Closest Companion

(Critical Survey of Contemporary Fiction)

Franklin Roosevelt was a complex public and private person. Born into the Hudson River elite, several significant events profoundly affected his life—his bout with polio in the 1920’s and his election to the presidency in 1932. Probably of equal importance in defining his life was wife Eleanor’s discovery in 1917 of his affair with her social secretary, Lucy Mercer. From that time until FDR’s death, the intimate side of the Roosevelt marriage ended. Often frustrated and depressed over Eleanor’s virtual abandonment, FDR had affairs with several women, notably his personal secretary Missy LeHand, and he sought companionship from other women, including his sixth cousin and fellow New York aristocrat Margaret “Daisy” Suckley.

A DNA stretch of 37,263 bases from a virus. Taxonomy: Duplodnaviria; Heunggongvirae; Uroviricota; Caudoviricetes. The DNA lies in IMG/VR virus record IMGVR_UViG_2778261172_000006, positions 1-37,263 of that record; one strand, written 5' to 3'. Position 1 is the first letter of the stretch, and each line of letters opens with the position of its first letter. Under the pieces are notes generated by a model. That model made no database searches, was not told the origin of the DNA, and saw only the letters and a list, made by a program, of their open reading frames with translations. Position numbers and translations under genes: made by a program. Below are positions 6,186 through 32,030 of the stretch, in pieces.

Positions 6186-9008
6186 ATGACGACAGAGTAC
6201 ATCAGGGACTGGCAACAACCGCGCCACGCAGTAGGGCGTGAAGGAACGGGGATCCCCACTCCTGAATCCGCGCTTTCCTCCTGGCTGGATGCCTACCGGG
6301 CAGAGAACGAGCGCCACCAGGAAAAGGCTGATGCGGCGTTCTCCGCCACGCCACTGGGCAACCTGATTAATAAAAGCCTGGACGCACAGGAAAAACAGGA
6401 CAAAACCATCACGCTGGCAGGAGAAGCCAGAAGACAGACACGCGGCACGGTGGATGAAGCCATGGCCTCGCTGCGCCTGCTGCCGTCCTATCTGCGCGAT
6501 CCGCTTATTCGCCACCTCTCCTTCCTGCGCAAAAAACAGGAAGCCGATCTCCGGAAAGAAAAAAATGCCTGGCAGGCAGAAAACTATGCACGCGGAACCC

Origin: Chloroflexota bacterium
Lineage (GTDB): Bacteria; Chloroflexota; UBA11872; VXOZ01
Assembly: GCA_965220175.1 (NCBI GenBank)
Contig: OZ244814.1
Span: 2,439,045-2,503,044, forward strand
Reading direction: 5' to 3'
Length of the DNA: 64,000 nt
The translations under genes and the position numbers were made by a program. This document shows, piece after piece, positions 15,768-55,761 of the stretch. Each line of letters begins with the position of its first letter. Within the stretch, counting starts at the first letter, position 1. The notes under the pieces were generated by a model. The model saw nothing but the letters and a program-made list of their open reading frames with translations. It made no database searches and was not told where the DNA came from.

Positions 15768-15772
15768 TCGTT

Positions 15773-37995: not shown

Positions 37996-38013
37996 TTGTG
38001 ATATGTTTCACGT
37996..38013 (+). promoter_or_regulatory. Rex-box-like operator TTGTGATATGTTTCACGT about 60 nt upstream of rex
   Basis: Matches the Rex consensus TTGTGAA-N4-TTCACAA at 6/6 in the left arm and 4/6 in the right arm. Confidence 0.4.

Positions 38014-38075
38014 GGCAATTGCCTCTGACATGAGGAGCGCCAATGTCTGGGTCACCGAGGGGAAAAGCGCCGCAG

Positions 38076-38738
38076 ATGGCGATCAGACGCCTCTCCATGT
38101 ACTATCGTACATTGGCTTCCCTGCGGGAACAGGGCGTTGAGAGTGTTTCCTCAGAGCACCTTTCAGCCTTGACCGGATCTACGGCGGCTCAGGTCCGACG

Ten years his junior, Margaret was introduced to FDR by his mother during his recovery from polio. By the time Roosevelt invited the unmarried Margaret to his first presidential inauguration in 1933, she had developed a deep admiration for her cousin. Shortly after Suckley’s death in 1991, a series of letters between FDR and Margaret from 1933 to 1945 and a diary kept by Daisy were uncovered. These letters (thirty-eight from FDR) and diaries, which have been carefully edited by historian Ward, offer fascinating insights into the personal life of Roosevelt. There can be no question of Margaret’s love for FDR. The defining moment of their companionship came on September 22, 1935, when Franklin took Daisy driving through...

(The entire section is 412 words.)